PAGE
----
Dramatic increases in the charges regional banks make on local-currency loans to other regional banks is a further sign that the region is experiencing the side effects of the global credit crunch, bankers tell MEED.

Demand for local currencies is now outstripping supply and, according to some local bankers, the rising cost of borrowing in local currencies may drive firms to return to dollar financing.

Tamer Zayat, senior economist at National Commercial Bank (NCB) in Saudi Arabia, says the region is experiencing a tightening of the local currency credit markets. “The riyal is really difficult to find at the moment,” he says.

The global credit crunch has pushed up the cost of dollars, driving many companies and project sponsors to seek cheaper local-currency funding. But the latest figures show this alternative funding window may be closing.

The Saudi Arabia interbank offered rate (Saibor) for riyals is now more expensive than the London interbank offered rate (Libor) for dollars, while the Emirates interbank offered rate (Eibor) has also climbed strongly in recent months.

In Saudi Arabia, banks are charging 3.92 per cent for three-month riyals, meaning the spread between the benchmark rate set by the Saudi Arabian Monetary Agency (central bank) and the actual borrowing cost is 192 basis points. This is the highest the rate has been since October 2002. In the UAE, the three-month dirham rate is 2.66 per cent.

In contrast, three-month dollar funding is being charged at 2.79 per cent, meaning that riyal funding is now more expensive than dollar funding for the first time since early 2006.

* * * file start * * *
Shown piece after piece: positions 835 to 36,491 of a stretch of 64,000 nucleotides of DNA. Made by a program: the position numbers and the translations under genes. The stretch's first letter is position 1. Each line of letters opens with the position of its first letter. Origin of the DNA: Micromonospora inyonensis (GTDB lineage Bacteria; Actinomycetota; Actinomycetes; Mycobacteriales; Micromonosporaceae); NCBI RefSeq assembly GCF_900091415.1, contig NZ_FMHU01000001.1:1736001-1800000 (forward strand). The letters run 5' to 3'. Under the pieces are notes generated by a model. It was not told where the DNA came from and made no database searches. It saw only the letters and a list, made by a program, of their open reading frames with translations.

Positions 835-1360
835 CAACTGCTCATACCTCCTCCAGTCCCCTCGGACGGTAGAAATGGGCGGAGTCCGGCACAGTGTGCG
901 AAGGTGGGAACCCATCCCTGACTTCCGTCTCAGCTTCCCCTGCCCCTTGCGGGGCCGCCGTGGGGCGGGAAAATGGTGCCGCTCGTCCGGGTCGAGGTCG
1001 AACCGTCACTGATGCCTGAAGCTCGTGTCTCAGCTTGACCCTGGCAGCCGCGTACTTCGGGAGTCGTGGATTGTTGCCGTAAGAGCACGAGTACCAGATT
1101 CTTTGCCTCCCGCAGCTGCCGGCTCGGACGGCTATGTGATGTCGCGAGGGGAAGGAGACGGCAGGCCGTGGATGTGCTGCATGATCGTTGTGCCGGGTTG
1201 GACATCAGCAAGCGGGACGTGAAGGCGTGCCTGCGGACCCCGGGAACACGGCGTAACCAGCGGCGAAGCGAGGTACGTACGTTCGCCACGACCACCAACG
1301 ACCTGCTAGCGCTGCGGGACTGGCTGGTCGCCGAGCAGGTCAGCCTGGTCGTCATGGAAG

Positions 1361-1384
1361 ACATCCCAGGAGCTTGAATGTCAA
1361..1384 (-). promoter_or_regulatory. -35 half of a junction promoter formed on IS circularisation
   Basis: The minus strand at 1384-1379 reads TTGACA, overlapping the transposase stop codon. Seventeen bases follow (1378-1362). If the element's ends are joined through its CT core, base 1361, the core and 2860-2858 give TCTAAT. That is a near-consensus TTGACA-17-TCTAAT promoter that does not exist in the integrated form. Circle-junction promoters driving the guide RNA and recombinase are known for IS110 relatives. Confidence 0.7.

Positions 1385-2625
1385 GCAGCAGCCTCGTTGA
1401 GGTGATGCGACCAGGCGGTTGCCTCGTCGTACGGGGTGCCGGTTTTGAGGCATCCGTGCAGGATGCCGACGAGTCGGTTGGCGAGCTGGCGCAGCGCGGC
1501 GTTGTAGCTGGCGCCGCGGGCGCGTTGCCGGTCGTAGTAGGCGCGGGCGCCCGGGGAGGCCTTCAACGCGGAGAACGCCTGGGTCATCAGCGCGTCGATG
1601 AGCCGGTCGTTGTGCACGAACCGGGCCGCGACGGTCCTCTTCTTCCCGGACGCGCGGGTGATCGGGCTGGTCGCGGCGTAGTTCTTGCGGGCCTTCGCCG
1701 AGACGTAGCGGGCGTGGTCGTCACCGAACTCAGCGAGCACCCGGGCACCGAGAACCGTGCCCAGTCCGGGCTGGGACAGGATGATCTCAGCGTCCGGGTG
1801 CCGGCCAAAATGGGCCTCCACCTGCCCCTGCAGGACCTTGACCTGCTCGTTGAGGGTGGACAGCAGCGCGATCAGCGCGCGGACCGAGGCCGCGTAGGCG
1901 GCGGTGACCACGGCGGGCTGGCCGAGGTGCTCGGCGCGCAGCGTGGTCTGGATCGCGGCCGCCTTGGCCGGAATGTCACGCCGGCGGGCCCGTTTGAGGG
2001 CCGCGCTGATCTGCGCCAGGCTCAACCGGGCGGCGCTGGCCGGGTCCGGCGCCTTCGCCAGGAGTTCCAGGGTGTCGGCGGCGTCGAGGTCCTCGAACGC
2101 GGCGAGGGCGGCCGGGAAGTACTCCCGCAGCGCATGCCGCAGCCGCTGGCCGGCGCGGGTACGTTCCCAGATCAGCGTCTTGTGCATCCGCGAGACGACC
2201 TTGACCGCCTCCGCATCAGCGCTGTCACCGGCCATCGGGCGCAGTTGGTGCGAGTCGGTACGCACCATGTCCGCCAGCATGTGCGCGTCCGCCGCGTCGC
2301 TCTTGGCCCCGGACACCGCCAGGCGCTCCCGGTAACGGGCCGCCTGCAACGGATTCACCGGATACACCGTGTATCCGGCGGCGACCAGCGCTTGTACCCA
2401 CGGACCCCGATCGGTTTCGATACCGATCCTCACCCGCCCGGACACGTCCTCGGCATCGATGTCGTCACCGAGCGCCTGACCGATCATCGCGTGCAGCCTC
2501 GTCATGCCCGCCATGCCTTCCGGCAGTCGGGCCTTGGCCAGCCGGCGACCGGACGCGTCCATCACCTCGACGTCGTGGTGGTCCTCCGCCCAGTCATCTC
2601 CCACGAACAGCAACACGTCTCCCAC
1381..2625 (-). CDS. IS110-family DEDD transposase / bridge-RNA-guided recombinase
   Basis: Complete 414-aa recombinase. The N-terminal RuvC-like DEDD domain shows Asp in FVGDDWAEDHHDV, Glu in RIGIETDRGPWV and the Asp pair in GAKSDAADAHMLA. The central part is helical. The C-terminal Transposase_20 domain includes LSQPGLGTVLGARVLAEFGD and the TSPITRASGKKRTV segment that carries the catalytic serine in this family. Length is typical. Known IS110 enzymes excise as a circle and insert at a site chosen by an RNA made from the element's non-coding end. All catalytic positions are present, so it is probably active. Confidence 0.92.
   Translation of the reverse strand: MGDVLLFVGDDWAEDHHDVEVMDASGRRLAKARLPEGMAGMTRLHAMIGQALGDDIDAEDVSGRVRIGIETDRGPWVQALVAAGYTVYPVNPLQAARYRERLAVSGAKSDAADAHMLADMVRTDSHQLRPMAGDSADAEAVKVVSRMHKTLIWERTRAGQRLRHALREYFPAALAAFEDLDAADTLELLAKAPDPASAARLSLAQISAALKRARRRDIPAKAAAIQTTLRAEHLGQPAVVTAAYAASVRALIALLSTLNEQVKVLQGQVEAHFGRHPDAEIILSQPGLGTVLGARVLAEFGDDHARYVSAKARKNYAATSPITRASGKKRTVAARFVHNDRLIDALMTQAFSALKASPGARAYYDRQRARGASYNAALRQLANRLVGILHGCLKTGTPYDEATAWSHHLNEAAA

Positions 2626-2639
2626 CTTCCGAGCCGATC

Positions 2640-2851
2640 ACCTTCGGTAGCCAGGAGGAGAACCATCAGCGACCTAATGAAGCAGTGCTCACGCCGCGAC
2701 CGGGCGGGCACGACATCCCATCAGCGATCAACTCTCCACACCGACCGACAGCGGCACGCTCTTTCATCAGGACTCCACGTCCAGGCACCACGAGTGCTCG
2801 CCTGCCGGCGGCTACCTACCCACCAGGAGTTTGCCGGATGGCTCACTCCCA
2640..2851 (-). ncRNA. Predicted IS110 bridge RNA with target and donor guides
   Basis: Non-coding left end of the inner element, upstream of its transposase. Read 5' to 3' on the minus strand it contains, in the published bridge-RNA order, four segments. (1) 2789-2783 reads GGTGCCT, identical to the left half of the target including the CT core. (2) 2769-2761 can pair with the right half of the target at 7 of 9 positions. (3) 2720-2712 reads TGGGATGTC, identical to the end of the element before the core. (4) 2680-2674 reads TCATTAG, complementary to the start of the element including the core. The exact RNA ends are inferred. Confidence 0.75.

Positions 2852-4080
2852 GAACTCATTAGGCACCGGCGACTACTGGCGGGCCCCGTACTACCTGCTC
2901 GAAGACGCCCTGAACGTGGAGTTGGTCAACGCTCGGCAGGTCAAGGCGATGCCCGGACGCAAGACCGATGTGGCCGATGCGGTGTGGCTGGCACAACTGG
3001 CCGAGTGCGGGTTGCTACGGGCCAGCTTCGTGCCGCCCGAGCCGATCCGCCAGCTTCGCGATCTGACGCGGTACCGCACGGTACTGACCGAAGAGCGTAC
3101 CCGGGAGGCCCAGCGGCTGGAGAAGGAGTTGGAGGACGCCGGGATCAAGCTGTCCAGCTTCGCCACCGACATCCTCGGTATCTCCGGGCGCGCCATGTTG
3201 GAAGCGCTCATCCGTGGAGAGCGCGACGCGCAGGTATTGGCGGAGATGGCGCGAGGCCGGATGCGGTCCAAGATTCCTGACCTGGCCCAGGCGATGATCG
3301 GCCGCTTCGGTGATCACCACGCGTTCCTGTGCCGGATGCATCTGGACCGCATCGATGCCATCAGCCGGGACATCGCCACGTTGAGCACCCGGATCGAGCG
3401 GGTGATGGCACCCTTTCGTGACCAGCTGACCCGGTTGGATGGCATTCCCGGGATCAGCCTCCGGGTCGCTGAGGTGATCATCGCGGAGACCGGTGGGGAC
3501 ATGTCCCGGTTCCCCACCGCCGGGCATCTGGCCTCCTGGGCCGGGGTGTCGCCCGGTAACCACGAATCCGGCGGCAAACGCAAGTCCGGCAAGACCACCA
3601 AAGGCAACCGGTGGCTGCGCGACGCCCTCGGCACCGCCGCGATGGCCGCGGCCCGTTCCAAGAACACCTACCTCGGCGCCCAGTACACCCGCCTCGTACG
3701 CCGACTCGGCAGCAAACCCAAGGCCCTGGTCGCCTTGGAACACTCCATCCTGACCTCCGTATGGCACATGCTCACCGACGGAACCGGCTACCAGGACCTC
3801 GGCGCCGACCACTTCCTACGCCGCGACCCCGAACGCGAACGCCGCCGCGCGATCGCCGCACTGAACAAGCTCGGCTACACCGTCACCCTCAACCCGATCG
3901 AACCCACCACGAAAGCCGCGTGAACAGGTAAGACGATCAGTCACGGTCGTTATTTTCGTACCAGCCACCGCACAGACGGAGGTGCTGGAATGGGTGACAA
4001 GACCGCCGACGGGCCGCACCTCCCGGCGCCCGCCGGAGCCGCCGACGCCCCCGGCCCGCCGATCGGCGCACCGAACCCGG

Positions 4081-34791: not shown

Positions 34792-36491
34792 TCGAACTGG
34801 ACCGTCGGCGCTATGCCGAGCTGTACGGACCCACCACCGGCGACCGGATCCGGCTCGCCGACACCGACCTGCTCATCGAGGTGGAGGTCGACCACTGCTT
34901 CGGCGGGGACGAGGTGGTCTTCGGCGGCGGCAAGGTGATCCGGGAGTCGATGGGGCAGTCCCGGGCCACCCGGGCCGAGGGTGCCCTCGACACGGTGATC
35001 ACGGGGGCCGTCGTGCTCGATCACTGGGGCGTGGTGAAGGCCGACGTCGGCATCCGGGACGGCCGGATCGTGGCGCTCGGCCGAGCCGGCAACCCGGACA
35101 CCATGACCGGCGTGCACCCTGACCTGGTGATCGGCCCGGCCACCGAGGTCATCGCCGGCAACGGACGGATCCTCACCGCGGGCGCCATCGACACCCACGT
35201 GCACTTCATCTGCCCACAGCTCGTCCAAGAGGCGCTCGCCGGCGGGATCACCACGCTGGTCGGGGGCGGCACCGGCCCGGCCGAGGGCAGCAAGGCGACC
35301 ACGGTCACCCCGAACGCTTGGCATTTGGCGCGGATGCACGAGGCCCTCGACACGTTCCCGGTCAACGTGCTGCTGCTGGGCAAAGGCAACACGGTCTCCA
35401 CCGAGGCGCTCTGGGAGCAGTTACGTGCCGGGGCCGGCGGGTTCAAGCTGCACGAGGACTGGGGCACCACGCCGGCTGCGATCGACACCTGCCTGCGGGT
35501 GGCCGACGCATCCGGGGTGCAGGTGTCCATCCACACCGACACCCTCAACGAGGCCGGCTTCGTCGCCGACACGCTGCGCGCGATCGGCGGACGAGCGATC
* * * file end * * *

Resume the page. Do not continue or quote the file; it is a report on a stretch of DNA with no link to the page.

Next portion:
Bankers predict this could make it difficult to raise large amounts of project finance, and will lead to a return to dollar funding. “The interbank rates indicate that liquidity in both dollars and local currencies is tight, just as the volume of projects expected to come to the market is starting to pick up,” says one project finance adviser.

For corporate loans and bonds, a return to dollar-denominated deals is anticipated.

“I do not see a wholesale shift back towards dollar funding by local corporates, but I expect there to be more balance between local currency and dollar funding by Middle East corporates,” says Declan Hegarty, head of capital markets at HSBC in Dubai.

Liquidity is also tightening as foreign investor appetite to take bets on GCC currency revaluations wanes, and negative real interest rates act as a deterrent to leaving money on deposit.

The lack of capital flowing into the banking system is a particular problem, as it is coming alongside increasing demand for project finance. Private sector credit has grown by 20 per cent over the past year, according to NCB, mainly because of corporate loans.

“I think project finance will be really difficult to raise for upcoming projects,” says Zayat. “Banks are still trying to avoid lending in dollars, and riyal liquidity is low.”